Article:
DTI official: China now ‘largest trading partner’
NANNING, China — Despite an ongoing maritime dispute, China has become the biggest source of foreign investments in the country in just two years.
Philippine officials attending the China-Asean investment summit last week said China had invested in 19 of 75 cluster projects under the Duterte administration’s P160-billion “Build, Build, Build” program.
Cagayan Economic Zone Authority administrator Raul Lambino said these projects supported the government’s “position that the Philippines’ relations [with China], both economic and social, does not begin and end on issues pertaining to the West Philippine Sea or the South China Sea.”
$962B in 2018
Department of Trade and Industry (DTI) Undersecretary Abdulgani Macatoman, head of the Philippine delegation to the summit, said that Chinese investments in the country reached $962.6 million, or around P49 billion, in 2018.
Manufacturing takes up 96 percent of these investments, followed by 2 percent in real estate, 1 percent in electricity supply and 1 percent in accommodation and food service.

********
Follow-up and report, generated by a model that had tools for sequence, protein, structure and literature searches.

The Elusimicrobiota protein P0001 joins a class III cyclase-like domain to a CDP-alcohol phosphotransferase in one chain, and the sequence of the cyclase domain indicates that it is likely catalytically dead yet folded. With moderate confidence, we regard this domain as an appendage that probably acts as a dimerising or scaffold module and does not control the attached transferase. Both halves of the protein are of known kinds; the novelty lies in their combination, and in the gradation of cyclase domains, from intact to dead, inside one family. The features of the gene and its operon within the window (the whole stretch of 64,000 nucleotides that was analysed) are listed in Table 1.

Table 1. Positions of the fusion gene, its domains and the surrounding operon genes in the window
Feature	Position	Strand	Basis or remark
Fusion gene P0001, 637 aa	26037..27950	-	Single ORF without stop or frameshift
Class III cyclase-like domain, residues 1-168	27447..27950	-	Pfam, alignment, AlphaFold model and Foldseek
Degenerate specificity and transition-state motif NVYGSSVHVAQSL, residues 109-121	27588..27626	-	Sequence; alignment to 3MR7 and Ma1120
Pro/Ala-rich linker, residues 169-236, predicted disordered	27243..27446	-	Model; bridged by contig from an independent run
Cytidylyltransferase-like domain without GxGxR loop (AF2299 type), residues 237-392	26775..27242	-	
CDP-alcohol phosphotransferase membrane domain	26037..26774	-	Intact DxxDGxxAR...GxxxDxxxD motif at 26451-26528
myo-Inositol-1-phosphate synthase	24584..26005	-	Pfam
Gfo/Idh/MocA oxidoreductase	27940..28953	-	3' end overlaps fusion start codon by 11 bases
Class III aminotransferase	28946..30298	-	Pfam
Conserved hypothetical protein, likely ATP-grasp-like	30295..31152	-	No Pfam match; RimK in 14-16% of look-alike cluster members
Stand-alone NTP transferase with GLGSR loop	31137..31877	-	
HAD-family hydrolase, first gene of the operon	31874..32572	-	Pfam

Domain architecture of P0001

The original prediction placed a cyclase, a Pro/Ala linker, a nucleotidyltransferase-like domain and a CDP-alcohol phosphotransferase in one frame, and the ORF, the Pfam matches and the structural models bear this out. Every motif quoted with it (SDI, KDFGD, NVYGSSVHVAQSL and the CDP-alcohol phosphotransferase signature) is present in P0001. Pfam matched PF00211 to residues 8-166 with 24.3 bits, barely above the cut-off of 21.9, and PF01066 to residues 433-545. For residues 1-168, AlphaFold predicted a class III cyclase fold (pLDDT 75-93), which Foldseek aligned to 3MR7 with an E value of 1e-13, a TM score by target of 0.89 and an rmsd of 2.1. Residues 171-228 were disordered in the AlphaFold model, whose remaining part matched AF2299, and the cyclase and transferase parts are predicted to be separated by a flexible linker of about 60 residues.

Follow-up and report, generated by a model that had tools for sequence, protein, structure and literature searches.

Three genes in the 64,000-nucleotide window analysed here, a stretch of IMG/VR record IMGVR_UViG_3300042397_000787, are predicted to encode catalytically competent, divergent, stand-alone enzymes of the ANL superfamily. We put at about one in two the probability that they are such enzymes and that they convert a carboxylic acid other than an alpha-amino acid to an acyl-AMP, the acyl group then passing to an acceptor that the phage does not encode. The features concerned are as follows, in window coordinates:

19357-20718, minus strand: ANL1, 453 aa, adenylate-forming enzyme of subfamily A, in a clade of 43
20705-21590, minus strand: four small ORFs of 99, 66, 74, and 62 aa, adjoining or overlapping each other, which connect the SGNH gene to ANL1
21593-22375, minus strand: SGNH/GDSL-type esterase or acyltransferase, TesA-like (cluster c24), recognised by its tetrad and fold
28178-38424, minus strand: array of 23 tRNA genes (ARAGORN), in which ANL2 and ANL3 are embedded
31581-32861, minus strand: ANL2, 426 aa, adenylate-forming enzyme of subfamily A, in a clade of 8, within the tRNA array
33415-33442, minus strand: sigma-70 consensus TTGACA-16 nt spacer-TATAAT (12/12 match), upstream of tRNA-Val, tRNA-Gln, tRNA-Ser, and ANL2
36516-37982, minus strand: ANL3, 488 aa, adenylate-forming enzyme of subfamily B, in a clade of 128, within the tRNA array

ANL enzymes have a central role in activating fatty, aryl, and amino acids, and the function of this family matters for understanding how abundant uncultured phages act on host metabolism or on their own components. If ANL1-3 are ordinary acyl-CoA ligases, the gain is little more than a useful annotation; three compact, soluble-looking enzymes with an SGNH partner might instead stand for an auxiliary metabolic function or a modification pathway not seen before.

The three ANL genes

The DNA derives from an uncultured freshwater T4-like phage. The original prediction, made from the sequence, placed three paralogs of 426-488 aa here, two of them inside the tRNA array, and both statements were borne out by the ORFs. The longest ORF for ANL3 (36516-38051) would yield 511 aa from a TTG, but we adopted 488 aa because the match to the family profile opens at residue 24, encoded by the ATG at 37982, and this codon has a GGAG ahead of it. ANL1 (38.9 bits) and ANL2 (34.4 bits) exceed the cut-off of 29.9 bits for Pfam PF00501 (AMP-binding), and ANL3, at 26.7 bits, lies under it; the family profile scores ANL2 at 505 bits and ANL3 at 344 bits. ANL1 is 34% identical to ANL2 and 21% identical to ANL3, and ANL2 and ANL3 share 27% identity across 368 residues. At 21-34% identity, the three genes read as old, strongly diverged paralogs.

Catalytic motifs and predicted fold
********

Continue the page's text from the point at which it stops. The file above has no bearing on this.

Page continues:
“China is not just a friend and neighbor to the Philippines. It is also a strong economic partner and our largest trading partner,” Macatoman said at a conference.
From January to May this year, the Bureau of Investments approved a total of P291 billion investments, P67 billion of which were from foreign firms.
In 2018, P104 billion out of the P915 billion approved investments were from foreign investors, almost half of which were from China.
Belt and Road Initiative
Macatoman said these investments made the Philippines the second fastest growing economy in Southeast Asia with its 6.2 percent growth rate next only to Vietnam, which grew 7.1 percent.
According to Lambino, it was only in recent years that China, especially state-owned corporations, started investing in development and ecotourism projects in the Philippines.
“But the [Philippine] government felt the need to distinguish between investments and financing, because the latter are just loans that [are conditional],” said Lambino.
On the other hand, the world’s second largest economy also promoted projects under its Belt and Road Initiative, China’s global development strategy involving infrastructure development and investments in 152 countries.
The initiative includes the controversial $62-million (P4.37 billion) loan agreement with China for the Chico River irrigation project in the Cordillera.
It also includes nine seaport projects in Zamboanga, Bongao, Polloc Freeport and Ecozone, General Santos City, Brooke’s Point, Davao and three in Palawan.
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